principle of equality “for all citizens, men and women, without
discrimination or nepotism or preferential treatment, in both rights and
The new document’s main section also contains two articles barring the
state from denying equal rights and opportunities to citizens. But those
provisions do not explicitly bar discrimination against women.
The 1971 constitution included one article that required the state to
treat women and men equally in the “political, social, cultural and
economic spheres,” provided that such treatment did not violate Sharia.
Another article explicitly prohibited gender discrimination.
Freedom of expression
Both charters guarantee the freedom to express opinions orally, in
writing or through images, and the freedom of the press to own news
organizations and publish material independently.
In a major change, the 2012 document guarantees the freedom of belief
for the “divine/monotheist religions” – a reference to Islam,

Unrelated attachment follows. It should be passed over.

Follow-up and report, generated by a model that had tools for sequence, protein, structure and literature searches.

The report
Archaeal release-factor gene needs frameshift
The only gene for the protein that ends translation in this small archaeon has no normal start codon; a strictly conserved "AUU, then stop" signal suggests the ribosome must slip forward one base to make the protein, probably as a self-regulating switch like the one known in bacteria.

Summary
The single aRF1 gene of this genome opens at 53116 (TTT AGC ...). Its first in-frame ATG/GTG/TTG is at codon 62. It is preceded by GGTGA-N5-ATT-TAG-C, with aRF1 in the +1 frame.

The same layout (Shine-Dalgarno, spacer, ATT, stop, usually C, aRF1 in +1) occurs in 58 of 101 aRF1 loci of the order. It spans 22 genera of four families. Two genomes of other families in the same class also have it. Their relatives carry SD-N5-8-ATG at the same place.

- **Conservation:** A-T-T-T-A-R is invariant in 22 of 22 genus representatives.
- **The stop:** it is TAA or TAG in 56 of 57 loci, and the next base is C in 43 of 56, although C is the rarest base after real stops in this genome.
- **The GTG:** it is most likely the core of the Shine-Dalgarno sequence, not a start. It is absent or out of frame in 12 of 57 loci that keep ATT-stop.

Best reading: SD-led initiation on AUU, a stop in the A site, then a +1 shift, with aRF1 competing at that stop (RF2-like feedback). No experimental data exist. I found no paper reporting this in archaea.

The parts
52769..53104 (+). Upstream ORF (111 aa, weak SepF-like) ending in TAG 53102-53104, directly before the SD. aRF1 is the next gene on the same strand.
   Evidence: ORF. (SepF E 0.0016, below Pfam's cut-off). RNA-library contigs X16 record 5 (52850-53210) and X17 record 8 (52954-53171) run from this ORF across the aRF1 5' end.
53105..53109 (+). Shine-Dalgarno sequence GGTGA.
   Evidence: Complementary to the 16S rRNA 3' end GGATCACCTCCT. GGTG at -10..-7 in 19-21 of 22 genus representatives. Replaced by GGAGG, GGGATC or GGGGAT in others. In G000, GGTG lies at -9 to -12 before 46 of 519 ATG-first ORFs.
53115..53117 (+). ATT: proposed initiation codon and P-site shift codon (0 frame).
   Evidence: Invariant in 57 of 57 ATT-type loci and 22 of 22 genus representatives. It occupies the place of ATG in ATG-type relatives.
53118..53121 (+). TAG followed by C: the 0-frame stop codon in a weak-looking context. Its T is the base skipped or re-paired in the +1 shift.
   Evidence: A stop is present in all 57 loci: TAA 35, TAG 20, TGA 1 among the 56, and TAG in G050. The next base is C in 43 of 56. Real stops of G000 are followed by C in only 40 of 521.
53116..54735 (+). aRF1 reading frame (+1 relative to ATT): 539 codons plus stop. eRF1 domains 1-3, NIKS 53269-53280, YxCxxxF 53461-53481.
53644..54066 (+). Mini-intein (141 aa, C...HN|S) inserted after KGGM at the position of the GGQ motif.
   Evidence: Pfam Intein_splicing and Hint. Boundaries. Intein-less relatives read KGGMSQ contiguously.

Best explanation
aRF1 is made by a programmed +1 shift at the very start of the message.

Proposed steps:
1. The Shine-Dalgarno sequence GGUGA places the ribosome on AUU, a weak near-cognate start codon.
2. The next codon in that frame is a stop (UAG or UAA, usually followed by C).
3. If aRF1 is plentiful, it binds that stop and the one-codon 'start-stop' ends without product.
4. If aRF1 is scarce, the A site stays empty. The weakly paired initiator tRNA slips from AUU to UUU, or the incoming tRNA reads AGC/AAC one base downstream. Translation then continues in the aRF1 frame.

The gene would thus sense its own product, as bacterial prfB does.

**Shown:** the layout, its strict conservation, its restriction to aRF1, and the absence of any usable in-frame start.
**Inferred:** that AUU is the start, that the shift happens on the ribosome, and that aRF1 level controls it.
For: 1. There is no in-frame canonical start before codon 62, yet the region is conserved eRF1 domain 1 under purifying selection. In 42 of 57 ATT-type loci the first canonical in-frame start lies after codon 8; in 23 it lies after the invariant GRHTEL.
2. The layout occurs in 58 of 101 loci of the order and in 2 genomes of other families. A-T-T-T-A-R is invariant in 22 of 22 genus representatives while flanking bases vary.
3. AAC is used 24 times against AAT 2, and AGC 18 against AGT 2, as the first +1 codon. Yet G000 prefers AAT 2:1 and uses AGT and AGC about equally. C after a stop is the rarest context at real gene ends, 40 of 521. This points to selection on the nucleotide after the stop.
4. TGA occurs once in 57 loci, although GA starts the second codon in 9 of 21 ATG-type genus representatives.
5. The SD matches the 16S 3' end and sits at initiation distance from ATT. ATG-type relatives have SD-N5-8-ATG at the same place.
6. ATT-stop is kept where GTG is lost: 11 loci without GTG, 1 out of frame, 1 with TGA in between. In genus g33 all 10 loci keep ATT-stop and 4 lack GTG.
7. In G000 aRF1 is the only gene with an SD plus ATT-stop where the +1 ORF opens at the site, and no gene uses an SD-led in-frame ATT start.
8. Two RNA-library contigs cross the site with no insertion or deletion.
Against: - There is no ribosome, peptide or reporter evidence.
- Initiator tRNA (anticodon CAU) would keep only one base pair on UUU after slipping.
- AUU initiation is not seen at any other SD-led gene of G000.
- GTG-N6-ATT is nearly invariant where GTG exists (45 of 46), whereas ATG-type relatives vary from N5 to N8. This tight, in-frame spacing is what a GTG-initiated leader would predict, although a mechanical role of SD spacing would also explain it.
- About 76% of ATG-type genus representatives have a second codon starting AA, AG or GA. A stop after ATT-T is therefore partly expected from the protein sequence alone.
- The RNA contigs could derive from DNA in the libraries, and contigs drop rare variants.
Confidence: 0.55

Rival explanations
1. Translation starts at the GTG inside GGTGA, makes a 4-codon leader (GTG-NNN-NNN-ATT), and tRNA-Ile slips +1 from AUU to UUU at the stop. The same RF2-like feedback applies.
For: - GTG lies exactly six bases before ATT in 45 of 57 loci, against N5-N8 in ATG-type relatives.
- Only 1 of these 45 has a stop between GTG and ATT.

Christianity and Judaism.
It says followers of those faiths have the right to perform religious
rituals and establish places of worship “as regulated by law.” The
previous constitution made no mention of the rights of any religions
other than Islam.
In another difference, the new document contains an unprecedented ban on “insults” toward the prophets of Islam.
Last month a group of students in Pakistan staged a play about Karachi’s lost Jews. It’s a story that is neither preserved nor remembered, and serves as a dangerous precedent for other struggling minority groups. Insightful article by Bilal Lakhani in Asia Society blog:
At the beginning of the 20th century, Karachi alone had about 2,500 Jews
engaged as artisans and civil servants in the city. In 1893, the Jews
of Karachi built the Magain Shalome Synagogue, and, in 1936, one of the
leaders of the Jewish community, Abraham Reuben, became the first Jewish councilor on the Karachi city (municipal) corporation.
A number of Jewish organizations catered to the needs of Karachi’s
Jews. The Young Man’s Jewish Association, founded in 1903, was
established with the purpose of encouraging sports as well as religious
and social activities. The Karachi Jewish syndicate, formed in 1918, was
created to provide homes to poor Jews at a reasonable rent.
Even though the majority of Pakistan’s Jews lived in Karachi, a small
community served by two synagogues also lived in Peshawar. After the